On May 13th, the film world was shocked and saddened by the tragic death
of documentary filmmaker Malik Bendjelloul, who had won an Oscar just last year for the documentary "Searching for Sugar Man"
. In the month that has passed since then, more details have emerged of the months and days that led up to his suicide. The Hollywood Reporter
profiles the life and death of Bendjelloul and takes a look at how sudden success can bring about even more sudden depression.
posted by AlonzoMosleyFBI
on Jun 11, 2014 -
(2013) focuses on an American man who, after initially visiting as a tourist, moved to India to volunteer at the Arias Home of HOPE
, a home for HIV-positive children in Acharapakkam, near Chennai. He eventually became an Indian citizen by marriage. [more inside]
posted by XMLicious
on Jan 23, 2014 -
"The rise in popularity of television is credited with inciting the move to the widescreen systems that flourished throughout the 50s, 60s, and 70s. This is only partially true. In the early 1950s, studios did begin to compose their movies so that the top and bottom of the picture could be chopped off and a wider screen would show the center of the old 1.37:1 frame. The aspect ratio used by the various studios varied from about 1.5:1 up to the common 1.85:1. But the real reason for the birth of a multitude of widescreen and large format systems was the 1952 opening of a movie made in a process that had its roots in a World War II aerial gunnery trainer. This Is Cinerama
(modern YouTube trailer; Wikipedia
) shook the industry to the core. The public and reviewers loved it. Its giant screen filled with three oversized 35mm images and an incredible new sound system called Stereophonic were a marvel to behold, and the studios immediately rushed to find something that could do what Cinerama did
(Google books preview of the August 1952 issue of Popular Mechanics
)." [more inside]
posted by filthy light thief
on Jan 4, 2014 -
Those Americans who are familiar with the name Claude Lanzmann most likely know him as the director of “Shoah,” his monumental 1985 documentary about the extermination of the European Jews in the Nazi gas chambers. As it turns out, though, the story of Lanzmann’s eventful life would have been well worth telling even if he had never come to direct “Shoah.” In addition to film director, Lanzmann’s roles have included those of journalist, editor, public intellectual, member of the French Resistance, long-term lover of Simone de Beauvoir and close friend of Jean-Paul Sartre, world traveler, political activist, ghostwriter for Jacques Cousteau — I could go on, but it’s a good deal more entertaining to hear Lanzmann himself go on, and thanks to the publication in English of his memoir, “The Patagonian Hare,” we now have the opportunity to do so. (previously)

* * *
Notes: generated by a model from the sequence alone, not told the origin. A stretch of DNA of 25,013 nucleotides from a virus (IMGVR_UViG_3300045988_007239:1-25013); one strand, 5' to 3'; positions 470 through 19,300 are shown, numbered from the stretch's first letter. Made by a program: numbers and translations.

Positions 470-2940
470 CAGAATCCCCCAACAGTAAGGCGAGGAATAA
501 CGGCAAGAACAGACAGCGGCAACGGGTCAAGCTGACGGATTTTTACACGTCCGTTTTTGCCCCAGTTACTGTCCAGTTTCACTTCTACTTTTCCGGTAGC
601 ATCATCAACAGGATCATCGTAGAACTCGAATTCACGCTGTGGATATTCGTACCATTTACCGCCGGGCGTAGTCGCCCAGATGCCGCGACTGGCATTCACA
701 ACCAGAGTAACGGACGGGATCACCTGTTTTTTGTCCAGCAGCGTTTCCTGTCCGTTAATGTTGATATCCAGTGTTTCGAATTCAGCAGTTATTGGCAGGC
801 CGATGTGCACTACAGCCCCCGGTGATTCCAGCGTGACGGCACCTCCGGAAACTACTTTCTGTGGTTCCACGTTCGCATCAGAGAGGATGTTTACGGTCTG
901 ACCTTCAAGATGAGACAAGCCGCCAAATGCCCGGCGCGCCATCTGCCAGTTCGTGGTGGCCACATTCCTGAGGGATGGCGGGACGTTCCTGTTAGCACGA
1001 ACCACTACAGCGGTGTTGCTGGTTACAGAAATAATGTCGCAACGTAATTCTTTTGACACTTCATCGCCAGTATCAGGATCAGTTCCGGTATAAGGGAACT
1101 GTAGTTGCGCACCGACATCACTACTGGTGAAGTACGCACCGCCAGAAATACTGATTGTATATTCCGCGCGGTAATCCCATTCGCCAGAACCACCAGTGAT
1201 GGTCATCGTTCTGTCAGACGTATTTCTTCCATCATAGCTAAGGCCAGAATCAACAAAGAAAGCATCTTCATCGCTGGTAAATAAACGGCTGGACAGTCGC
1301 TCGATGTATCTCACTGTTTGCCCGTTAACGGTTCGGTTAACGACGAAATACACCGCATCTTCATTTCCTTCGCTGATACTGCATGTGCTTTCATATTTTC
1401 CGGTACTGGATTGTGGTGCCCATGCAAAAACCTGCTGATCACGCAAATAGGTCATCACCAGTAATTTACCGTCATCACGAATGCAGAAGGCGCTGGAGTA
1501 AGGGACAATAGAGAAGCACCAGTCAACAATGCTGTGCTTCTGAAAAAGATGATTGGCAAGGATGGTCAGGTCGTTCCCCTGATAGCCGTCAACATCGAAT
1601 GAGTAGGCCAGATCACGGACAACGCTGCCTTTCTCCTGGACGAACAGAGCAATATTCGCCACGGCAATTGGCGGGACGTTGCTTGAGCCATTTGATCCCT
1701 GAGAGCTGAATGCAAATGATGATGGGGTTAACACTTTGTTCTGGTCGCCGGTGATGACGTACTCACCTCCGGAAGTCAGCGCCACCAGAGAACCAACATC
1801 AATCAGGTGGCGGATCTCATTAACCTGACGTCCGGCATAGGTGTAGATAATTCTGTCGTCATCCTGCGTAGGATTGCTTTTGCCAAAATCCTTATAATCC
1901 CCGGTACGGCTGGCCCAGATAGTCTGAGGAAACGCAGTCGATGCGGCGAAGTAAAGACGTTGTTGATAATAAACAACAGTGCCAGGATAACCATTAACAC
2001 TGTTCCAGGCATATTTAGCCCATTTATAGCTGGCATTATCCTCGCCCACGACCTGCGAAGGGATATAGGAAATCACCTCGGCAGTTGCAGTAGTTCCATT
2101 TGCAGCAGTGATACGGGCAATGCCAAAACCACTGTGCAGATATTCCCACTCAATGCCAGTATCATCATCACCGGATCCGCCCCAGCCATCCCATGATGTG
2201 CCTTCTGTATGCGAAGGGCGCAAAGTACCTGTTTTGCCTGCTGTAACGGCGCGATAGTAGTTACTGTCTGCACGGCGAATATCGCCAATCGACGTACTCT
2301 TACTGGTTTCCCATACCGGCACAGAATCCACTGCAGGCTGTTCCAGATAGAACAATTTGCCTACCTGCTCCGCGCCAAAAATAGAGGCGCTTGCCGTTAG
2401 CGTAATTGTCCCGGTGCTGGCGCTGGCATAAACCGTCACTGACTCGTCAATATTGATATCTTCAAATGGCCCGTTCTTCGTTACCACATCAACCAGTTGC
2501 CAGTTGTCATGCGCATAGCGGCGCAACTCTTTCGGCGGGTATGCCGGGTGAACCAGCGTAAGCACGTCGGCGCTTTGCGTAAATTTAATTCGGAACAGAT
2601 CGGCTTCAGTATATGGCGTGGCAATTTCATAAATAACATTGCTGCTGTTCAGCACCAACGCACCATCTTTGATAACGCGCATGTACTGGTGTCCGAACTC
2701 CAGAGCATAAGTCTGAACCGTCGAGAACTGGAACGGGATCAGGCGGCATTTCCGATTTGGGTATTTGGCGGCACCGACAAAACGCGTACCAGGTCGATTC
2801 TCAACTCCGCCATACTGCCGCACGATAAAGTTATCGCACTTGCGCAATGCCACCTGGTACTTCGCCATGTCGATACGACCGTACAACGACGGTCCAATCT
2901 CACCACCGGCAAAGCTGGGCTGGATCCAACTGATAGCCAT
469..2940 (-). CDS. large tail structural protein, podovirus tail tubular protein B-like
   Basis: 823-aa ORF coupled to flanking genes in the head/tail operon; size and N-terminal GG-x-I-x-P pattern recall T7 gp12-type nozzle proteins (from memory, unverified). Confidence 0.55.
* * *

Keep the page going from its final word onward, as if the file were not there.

posted by Trurl
on Apr 16, 2012 -
Fred Martinez was nádleehí, a male-bodied person with a feminine nature, a special gift according to his ancient Navajo culture. He was one of the youngest hate-crime victims in modern history when he was brutally murdered at 16. Two Spirits explores the life and death of this boy who was also a girl, and the essentially spiritual nature of gender. (previously)
posted by Trurl
on Nov 10, 2011 -
The most vivid figure in Michael Gramaglia and Jim Fields's End of the Century was the least articulate and most archetypal of the Ramones: Johnny, the right-wing prole whose hard-ass sense of style the others nutballed and softened and accelerated and above all imitated. ... Exciting and absolutely right though their '70s sets always were, the film establishes that they kept the faith live till the end, lifted by Joey's goofy dedication and powered by the chords Johnny thrashed out like they were why he was alive. As unyielding in his aesthetic principles as he was in everything else, this reactionary was an avant-gardist in spite of himself.
- Robert Christgau
posted by Trurl
on Nov 9, 2011 -
in 1976, surrealist icon Salvador Dali starred and directed in the fake documentary/travelogue Impressions de la haute Mongolie - Impressions of Upper Mongolia - about his quest to find a rare hallucinogenic mushroom. It was intended as a tribute to the late Raymond Roussel
. It is available on Youtube in 5 parts. 1
posted by The Whelk
on Sep 3, 2011 -